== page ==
Shooting and reviewing music is awesome. I am lucky to do this, to be in the room to document dozens of great concerts over the years, and I have seen some pretty amazing stuff, but so far nothing has come close to the warmth, love, moments and brilliant spirit in the Commodore Ballroom on this night, and I doubt anything quite will again. I feel incredibly fortunate to have attended one of these farewell shows by iconic locals Spirit of the West, among a mere 3000 or so who were there over three nights (probably less, as I’m sure many of the band’s fans attended more than one night!). It was an absolute honour. Much has been said about the health woes plaguing this band over the past few years, and if you are interested, you can read detailed accounts of that elsewhere. No one wants to overly focus on that as to overshadow the talent and fun they bring to a live show, but you can see why they are choosing to hang up the hat now voluntarily before absolute necessity. In a nutshell, drummer Vince Ditrich has been suffering from kidney failure for some years, now at the point that, as I understand it, he was hospitalized and unable to perform at Thursday’s show. He was here tonight, and while he took some breaks (with Great Big Sea’s Kris MacFarlane taking over for him in these moments), he aced his time behind the kit. At the more immediate forefront and main reason behind this farewell tour was singer John Mann’s rapidly-advancing early-onset Alzheimer’s diagnosis, known about since 2013 when he was still recovering from a bout with cancer, but only announced to the public in the fall of 2014 when he was no longer able to hide symptoms. I find it lovely to hear that the band will continue to have small “John Jams” in private with the singer as a form of music therapy as long as he is able. For these recent shows, he is no longer able to play guitar, and so former guitar tech Matthew Harder has taken over those duties, leaving Mann free to focus on singing with the aid of an iPad teleprompter and cues from the band, but also exhibiting plenty of the ultra-active onstage persona that is part of the band’s infectious live show. Prior to the show, on the screens around the venue, a photo retrospective of Spirit of the West was scrolling through, and the night before, the Commodore Ballroom and LiveNation had honoured the band with the first of likely many plaques to be placed on their new “Spirit of the Commodore” wall, named after them and there to showcase artists that have made an impact or hosted landmark events at the historic venue. Read different articles and you will see a different show tally for Spirit of the West, but among regular tours and longtime traditional St. Patrick’s Day gigs, they have played in the neighbourhood of 50 shows just at the Commodore Ballroom over their 32 year history.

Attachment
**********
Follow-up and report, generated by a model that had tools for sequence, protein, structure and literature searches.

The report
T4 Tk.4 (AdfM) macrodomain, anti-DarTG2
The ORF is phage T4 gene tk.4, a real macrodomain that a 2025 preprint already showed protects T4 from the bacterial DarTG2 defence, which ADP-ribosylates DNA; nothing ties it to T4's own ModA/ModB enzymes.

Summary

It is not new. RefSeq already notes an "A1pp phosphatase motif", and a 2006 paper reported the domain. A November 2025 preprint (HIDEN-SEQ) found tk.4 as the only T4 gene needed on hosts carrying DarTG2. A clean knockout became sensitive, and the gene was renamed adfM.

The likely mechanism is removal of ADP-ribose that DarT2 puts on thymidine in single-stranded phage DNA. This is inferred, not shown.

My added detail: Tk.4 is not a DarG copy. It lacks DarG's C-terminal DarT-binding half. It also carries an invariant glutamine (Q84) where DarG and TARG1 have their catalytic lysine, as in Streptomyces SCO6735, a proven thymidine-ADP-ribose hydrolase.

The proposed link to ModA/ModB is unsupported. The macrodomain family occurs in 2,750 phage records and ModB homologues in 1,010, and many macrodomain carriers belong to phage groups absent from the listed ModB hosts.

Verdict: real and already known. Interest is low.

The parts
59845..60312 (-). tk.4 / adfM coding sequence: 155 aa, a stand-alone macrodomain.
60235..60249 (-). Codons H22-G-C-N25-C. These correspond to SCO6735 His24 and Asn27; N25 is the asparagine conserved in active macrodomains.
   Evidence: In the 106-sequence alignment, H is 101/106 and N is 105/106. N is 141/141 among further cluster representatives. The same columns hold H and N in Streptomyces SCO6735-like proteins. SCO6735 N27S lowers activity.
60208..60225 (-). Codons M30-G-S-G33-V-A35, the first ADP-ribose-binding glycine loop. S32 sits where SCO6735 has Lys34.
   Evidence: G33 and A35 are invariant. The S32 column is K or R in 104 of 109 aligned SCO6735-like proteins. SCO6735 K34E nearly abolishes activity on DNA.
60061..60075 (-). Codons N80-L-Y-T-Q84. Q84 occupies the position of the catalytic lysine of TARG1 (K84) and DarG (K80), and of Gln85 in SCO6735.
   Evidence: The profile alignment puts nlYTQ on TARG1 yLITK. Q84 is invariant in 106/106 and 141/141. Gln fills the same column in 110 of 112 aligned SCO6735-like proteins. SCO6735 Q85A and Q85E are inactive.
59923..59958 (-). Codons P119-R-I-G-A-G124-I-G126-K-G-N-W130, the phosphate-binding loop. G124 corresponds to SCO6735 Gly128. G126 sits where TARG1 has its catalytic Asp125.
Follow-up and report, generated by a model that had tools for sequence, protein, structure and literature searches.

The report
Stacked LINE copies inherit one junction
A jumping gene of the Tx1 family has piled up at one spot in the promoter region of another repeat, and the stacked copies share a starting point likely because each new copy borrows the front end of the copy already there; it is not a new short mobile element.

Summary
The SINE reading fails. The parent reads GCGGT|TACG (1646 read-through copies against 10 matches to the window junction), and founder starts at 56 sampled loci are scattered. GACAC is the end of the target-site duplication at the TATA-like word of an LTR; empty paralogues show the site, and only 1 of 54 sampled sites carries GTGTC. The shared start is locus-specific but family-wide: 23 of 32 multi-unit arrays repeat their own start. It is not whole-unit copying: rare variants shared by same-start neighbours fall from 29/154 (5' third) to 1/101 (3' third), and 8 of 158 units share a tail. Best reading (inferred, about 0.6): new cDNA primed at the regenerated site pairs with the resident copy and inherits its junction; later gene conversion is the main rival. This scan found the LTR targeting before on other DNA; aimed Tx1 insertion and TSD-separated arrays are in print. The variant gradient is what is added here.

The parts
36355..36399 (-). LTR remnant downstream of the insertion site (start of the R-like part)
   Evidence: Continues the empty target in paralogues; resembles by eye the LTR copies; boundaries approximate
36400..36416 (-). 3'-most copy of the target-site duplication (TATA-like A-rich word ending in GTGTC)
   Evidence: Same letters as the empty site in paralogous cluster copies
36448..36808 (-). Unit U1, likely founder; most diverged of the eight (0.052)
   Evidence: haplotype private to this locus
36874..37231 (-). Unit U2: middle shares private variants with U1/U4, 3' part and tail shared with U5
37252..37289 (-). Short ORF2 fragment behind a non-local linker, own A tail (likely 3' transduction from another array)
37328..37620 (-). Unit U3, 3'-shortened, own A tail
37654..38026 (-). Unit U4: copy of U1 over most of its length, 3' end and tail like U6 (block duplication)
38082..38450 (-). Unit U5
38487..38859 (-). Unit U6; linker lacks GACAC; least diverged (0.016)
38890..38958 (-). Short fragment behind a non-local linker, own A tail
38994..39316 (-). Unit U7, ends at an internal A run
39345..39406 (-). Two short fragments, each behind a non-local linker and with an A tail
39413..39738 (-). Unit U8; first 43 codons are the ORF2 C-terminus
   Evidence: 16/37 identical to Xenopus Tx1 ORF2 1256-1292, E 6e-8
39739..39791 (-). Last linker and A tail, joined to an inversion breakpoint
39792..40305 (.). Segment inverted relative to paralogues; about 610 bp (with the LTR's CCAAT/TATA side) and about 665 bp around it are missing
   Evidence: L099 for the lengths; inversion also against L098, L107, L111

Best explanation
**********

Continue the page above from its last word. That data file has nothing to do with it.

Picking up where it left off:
Opening the string of “Home For A Rest” shows here were longtime friends and fellow Vancouver music icons Odds. As I waited by the coatcheck to be escorted in for shooting, Odds drummer Pat Steward came bounding up the stairs, 15 minutes before their scheduled start time. The guy plays for 150 different projects and seems to never have a day off. I don’t know where he gets his energy from. Shortly, we were in the media pit, and out came Odds with guns a-blazing, firing off a 1-2-3 punch of big hits in the form of “Make You Mad,” “It Falls Apart,” and “Eat My Brain.” In the darkness towards the back of the stage, SOTW member Tobin Frank’s son Ellis came out, hoisted one foot on the drum riser, and started playing a tambourine vigourously. Bassist Doug Elliott, who can seem ultra-serious at times, was chuckling away and cavorting with SOTW members and family/friends who were hovering sidestage, joyfully clapping and singing along. Ever-exuberant singer Craig Northey was out in force here tonight too, flinging his feet up in high kicks and making great use of the expanse of the stage. Guitarist Murray Atkinson took the forefront to sing “Eat My Brain,” after Northey introduced him as, ‘a little bit of Ladysmith.’ The keen friendship among the band shows in moments where they get into an easygoing light argument about what certain songs mean. It’s about a dog… no it’s not. It’s about Hornby Island… (<— obvious paraphrasing) "I guess it's about whatever it means to you."